Whereas many large businesses have responded to this challenge by employing Chief Information Security Officers (CISOs) or by purchasing advanced integrated security solutions, for small and medium sized enterprises (SMEs), throwing money at the problem just isn’t an option.

This has left many bemused as to the most effective way to spend their cyber security budget and for many small businesses it’s asking ‘how’ and ‘how much’ that dominates the conversation.

It’s not him or me, it’s all of us

Perhaps the largest misconception surrounding cybercrime which remains in 2016 is that the impact of a cybercrime touches only the company and customers personally affected by the breach. But the cost of cybercrime to the British economy impacts us all.

A recent report by Allianz Global Corporate & Specialty estimated the cost of the cyber crime in the UK at £2.8bn per year, which, in the era of deficit is a significant drag on our economy. With such a high cost to the whole economy and society, cybersecurity must no longer be considered merely good practice for all companies, but a responsibility.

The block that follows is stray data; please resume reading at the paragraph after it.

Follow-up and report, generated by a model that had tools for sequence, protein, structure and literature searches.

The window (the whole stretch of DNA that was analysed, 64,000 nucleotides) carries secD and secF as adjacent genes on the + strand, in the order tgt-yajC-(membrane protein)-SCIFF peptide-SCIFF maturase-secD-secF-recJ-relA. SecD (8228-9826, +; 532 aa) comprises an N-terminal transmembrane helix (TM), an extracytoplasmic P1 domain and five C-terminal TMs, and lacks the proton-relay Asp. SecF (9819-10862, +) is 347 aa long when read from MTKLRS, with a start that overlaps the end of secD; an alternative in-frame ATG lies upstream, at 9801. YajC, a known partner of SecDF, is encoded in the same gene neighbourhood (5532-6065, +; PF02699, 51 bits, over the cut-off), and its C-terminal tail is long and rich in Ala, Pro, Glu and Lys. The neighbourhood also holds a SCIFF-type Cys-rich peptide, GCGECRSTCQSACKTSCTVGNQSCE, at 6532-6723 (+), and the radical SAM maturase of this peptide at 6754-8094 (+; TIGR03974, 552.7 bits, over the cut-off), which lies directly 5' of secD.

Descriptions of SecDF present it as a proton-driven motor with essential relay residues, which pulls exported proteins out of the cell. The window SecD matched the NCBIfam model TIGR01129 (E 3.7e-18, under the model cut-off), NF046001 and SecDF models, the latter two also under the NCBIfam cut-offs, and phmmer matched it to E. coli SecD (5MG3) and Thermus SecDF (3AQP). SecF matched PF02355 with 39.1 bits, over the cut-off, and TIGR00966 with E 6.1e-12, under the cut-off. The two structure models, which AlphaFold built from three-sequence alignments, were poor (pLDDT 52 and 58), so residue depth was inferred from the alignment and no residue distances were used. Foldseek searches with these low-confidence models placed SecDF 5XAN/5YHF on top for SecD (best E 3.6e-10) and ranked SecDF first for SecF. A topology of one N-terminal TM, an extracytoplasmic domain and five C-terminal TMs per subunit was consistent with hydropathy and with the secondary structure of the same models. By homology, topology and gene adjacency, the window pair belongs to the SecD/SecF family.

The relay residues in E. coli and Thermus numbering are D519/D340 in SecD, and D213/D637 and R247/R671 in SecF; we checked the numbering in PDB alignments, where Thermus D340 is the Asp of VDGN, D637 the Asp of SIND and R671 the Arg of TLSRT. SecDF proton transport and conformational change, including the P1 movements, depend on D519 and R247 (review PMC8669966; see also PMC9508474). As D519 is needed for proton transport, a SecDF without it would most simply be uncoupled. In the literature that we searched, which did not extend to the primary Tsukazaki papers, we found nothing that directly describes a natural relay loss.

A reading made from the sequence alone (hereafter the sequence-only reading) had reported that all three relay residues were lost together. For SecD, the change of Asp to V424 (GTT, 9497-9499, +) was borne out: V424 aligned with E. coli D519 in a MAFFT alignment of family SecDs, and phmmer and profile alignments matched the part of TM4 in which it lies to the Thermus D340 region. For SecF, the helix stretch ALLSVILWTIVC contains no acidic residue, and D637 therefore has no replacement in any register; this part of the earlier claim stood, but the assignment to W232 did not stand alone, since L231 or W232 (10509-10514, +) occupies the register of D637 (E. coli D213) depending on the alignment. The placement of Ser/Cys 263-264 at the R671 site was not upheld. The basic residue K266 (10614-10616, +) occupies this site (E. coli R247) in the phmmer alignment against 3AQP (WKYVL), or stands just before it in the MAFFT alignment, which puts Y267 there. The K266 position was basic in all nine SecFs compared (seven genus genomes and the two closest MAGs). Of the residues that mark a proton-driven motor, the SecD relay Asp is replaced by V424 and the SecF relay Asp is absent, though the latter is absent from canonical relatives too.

money

The cost of cyber crime to the UK economy is counted in the billions

Businesses must make a commitment to the economy and assume responsibility to ensure that it is employing appropriate techniques to mitigate the threat of cybercrime. And with many SMEs holding tight purses strings on their cybersecurity budgets, informed and effective choices are essential to maintaining a sufficient standard of cybersecurity.

So before we can demand that all businesses assume this responsibility, the government and the security industry must work together to ensure that all businesses have the information and tools to make the best decisions for their cybersecurity programmes.

Getting the essentials right